Dinesh Kumar Ahirwar
The meeting held at JNU on 9th February to commemorate Afzal Guru and Maqbool Bhat, leaders of the secessionist movement in Kashmir, has resulted in sedition charges on JNUSU president and others. The question just cannot be reduced to the arrest of the JNUSU president and intervention in university affairs, paying little focus on the gravity of the issues and its prospects. The poster is not in favor or opposition, but to ask some genuine questions about self-determination of Kashmir. Democratic Student Union (DSU), a radical student wing confirmed their support and the rest stepped back to Constitutionalism. The basic question is how justifiable self-determination is for a community based on separate religion and unique culture? Marx said that Religion is opium of masses (no exception for Muslims).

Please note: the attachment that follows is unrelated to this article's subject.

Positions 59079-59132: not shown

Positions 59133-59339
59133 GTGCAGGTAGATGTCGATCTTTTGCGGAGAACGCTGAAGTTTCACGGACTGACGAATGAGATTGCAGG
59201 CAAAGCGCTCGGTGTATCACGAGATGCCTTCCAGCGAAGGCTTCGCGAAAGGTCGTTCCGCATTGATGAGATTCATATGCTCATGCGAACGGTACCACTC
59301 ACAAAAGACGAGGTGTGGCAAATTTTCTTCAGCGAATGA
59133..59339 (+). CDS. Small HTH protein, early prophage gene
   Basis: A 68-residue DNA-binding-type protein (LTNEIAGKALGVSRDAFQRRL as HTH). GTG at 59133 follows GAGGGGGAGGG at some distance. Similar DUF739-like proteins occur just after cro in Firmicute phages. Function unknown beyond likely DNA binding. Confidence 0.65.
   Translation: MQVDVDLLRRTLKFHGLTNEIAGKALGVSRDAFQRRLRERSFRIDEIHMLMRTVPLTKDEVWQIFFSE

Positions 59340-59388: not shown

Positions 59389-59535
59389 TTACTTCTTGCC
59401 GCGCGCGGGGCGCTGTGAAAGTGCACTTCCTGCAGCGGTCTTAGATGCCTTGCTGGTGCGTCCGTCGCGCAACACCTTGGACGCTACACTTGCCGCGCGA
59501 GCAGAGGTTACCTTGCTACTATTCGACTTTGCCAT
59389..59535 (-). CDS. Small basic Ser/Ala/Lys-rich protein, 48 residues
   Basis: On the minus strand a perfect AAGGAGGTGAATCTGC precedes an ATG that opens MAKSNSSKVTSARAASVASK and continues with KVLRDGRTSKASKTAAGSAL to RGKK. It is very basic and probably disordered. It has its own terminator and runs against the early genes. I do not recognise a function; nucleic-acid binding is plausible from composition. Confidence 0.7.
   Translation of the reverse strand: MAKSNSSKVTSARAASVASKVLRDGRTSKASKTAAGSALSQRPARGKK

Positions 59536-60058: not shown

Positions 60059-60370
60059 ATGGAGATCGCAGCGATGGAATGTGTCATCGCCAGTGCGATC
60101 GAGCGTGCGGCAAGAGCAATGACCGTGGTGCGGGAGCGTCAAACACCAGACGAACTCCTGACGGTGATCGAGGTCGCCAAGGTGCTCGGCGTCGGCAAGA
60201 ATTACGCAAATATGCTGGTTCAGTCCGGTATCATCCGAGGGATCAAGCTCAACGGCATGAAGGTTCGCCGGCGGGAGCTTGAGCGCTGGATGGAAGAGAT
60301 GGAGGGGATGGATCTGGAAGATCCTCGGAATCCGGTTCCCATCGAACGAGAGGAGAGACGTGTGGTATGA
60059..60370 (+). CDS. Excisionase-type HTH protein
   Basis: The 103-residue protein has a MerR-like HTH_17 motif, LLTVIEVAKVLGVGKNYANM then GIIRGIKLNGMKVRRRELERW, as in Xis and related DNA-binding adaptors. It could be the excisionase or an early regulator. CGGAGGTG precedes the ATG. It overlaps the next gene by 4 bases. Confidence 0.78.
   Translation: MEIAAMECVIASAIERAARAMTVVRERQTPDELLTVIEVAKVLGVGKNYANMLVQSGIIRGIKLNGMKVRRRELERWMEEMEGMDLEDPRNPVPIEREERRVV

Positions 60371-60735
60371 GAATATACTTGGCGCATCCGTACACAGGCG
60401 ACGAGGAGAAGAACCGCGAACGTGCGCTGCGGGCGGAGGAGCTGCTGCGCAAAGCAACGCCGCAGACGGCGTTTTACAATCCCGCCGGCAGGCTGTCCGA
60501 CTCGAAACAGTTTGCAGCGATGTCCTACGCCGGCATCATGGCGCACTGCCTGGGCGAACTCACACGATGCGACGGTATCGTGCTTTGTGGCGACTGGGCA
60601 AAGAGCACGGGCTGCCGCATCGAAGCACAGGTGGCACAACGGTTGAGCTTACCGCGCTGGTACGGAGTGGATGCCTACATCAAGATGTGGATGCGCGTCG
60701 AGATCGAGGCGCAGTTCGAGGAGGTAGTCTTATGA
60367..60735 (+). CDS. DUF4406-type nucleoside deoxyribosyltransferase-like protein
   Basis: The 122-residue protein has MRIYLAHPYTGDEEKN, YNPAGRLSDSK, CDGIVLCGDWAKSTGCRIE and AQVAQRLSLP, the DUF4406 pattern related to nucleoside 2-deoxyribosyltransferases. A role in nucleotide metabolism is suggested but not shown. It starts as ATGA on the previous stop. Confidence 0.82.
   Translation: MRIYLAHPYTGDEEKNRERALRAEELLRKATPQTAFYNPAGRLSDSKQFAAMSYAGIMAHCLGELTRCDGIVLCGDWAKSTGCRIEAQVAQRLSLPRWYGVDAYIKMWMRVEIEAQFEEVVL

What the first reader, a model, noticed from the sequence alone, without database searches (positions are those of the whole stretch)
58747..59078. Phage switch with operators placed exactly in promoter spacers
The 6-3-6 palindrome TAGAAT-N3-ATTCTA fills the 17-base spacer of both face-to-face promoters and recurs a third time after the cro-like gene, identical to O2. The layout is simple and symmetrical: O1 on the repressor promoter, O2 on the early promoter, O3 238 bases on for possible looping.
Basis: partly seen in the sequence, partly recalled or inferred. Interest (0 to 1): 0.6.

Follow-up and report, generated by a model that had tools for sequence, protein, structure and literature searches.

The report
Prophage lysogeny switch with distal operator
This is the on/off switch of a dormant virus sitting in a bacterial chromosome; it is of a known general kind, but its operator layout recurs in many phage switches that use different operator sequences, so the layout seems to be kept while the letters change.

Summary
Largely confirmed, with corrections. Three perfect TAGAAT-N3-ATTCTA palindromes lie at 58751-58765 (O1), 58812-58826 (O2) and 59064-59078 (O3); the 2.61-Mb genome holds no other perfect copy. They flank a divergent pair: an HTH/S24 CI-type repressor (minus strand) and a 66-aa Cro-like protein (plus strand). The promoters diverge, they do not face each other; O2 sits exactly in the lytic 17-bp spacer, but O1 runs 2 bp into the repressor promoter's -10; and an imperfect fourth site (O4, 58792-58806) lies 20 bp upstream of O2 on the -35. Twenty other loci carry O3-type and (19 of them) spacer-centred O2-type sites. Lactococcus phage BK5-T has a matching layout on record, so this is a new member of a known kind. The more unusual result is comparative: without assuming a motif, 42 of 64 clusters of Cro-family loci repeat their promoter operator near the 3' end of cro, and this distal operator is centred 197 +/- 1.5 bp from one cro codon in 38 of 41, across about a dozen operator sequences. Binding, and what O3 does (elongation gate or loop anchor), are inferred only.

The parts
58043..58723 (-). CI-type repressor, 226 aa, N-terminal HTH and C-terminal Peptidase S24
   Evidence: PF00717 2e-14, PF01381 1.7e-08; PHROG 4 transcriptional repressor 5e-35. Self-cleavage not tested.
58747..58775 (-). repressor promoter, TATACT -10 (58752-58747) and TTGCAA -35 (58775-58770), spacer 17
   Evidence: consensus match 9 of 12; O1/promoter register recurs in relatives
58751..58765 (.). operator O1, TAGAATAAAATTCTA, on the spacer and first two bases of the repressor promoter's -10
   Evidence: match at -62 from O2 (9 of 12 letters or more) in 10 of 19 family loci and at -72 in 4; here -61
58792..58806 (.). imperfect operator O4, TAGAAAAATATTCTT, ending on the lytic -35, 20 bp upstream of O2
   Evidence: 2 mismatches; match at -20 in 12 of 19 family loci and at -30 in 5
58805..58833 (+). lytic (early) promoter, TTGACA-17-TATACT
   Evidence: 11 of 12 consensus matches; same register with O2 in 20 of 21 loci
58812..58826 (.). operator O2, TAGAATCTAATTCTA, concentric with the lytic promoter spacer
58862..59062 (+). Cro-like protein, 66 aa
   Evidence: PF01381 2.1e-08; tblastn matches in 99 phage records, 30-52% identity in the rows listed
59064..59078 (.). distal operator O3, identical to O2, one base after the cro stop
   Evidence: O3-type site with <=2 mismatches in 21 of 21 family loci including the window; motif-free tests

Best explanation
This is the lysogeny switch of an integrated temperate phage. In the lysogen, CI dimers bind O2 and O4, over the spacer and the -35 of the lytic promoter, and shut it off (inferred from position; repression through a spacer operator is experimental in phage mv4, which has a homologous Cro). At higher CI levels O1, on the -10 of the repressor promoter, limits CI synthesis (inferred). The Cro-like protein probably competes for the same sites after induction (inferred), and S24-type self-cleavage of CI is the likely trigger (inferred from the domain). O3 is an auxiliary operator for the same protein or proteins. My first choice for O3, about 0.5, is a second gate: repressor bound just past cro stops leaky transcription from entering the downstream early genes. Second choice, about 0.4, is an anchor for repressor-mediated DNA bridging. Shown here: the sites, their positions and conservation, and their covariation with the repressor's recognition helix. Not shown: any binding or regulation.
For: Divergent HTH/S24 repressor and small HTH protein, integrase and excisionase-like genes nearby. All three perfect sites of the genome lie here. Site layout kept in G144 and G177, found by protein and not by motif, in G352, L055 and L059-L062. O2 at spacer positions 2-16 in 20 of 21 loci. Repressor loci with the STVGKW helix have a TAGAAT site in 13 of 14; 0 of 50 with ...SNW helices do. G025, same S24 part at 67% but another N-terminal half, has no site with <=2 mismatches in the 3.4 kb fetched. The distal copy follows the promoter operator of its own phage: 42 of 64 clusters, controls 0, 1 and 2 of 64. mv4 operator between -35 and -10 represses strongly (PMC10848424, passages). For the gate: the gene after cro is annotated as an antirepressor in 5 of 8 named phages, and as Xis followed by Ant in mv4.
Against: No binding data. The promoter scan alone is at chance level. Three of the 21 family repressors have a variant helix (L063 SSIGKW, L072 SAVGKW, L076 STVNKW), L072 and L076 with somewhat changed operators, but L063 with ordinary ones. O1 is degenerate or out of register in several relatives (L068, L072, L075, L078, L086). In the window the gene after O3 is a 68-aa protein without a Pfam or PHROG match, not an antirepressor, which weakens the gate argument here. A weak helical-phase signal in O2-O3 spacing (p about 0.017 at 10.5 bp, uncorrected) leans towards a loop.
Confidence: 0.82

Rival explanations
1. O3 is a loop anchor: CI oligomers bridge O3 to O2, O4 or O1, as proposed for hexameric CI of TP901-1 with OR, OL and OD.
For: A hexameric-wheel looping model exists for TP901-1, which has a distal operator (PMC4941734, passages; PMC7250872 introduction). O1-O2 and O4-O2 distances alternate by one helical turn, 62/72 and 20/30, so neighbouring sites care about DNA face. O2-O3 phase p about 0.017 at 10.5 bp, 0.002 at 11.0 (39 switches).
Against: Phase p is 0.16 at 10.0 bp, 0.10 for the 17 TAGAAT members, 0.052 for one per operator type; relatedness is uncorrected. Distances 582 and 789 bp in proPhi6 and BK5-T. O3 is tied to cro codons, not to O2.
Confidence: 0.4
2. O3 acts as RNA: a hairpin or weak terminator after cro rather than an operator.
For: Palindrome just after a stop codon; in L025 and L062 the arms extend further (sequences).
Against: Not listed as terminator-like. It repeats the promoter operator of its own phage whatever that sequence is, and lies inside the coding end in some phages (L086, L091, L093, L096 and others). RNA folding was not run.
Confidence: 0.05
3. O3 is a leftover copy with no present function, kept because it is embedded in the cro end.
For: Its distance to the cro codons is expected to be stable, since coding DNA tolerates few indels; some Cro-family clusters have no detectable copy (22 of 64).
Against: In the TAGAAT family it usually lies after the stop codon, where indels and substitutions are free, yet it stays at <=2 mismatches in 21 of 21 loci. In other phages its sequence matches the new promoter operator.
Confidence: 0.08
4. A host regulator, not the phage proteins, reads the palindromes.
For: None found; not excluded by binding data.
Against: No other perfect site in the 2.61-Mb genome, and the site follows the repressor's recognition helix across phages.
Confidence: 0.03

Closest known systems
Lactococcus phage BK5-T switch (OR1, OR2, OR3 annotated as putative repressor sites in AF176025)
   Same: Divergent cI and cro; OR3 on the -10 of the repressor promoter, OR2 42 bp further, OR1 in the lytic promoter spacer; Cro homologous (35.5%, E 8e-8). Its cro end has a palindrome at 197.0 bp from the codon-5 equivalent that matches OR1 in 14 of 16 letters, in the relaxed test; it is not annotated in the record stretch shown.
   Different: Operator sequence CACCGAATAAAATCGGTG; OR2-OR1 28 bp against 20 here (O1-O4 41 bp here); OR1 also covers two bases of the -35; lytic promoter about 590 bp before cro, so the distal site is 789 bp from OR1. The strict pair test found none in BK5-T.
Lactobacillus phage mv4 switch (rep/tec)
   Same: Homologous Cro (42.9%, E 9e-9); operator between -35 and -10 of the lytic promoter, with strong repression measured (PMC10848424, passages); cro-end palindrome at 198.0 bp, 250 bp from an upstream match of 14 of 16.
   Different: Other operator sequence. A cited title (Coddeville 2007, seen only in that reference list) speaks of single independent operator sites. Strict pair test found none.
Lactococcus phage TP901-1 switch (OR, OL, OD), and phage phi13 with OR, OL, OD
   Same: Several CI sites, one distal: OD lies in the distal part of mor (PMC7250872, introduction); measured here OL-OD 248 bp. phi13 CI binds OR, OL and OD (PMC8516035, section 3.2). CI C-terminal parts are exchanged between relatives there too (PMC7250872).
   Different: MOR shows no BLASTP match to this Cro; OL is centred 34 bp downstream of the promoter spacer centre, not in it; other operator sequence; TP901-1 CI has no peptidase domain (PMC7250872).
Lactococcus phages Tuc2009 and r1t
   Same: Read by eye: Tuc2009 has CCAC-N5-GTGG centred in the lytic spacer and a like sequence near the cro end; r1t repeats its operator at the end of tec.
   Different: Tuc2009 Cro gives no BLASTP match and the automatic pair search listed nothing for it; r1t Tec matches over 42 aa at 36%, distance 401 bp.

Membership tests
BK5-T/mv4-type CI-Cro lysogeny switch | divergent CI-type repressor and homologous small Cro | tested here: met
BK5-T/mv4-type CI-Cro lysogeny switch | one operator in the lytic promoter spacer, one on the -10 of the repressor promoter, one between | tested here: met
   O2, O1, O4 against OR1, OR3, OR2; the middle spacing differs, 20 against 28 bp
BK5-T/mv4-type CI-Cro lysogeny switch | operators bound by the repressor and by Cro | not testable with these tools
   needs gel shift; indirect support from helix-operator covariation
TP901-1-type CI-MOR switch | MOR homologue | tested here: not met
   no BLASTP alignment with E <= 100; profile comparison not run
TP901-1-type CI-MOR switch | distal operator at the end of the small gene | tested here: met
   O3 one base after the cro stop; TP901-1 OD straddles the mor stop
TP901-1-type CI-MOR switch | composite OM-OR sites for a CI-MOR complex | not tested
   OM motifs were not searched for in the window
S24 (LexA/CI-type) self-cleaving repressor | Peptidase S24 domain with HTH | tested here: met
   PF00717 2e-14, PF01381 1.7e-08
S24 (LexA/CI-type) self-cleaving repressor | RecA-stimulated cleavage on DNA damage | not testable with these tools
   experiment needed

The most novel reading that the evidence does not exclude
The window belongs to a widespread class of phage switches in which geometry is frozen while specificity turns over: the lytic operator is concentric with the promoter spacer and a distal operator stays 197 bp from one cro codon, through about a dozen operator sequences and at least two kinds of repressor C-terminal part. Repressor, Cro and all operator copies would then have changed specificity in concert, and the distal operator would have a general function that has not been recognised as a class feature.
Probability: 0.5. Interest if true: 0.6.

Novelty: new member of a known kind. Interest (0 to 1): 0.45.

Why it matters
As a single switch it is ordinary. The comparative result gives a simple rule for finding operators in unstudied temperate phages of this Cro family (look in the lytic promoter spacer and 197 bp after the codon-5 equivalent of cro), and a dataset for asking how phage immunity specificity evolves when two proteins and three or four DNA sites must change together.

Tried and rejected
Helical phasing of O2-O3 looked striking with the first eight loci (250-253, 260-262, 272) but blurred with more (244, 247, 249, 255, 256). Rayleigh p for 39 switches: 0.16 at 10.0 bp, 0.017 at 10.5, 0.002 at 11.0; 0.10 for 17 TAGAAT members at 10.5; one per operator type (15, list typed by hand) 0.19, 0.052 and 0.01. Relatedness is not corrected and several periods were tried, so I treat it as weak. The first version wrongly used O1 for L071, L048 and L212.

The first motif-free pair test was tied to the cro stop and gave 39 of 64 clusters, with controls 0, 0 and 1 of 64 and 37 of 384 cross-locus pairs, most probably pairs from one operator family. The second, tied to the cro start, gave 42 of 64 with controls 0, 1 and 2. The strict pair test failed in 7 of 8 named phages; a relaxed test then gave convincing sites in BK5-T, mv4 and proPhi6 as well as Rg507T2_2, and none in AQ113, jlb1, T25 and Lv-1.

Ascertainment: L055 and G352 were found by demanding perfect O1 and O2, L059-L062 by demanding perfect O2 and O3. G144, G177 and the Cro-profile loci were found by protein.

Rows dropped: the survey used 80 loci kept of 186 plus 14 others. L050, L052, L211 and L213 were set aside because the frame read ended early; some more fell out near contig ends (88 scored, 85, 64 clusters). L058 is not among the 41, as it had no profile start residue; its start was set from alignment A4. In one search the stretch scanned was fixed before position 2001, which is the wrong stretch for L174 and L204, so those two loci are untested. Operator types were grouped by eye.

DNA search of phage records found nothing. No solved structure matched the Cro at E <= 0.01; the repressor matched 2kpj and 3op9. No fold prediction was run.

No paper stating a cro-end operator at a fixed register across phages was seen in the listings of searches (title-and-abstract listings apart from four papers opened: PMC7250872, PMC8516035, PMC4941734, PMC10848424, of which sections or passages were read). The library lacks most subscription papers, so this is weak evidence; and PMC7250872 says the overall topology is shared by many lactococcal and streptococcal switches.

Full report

If religion cannot lead to the liberation of the masses then how could it lead to liberation of the Kashmiri masses? What is the nature of the separatist movement? Are they socialist, democratic and progressive or theocratic? Theocratic nations have already proved that they have no space for women and minorities. There would not be any exception for Kashmir. How can DSU as a radical left student wing support the potential formation of a theocratic state where there will be no guarantee for the rights of minorities and women? How does a theocratic political system seem more progressive than the existing liberal political structure? If sovereignty of the secessionist movement is rooted in religion and culture, then it is not going in the direction of the socialist path. Where does the sovereignty of secessionist movement lie – in the people of Kashmir or in the religion of Islam? Afzal and Maqbool Bhat stand for what democracy, equality, socialism or theocracy? This is the fundamental question for radical left organizations.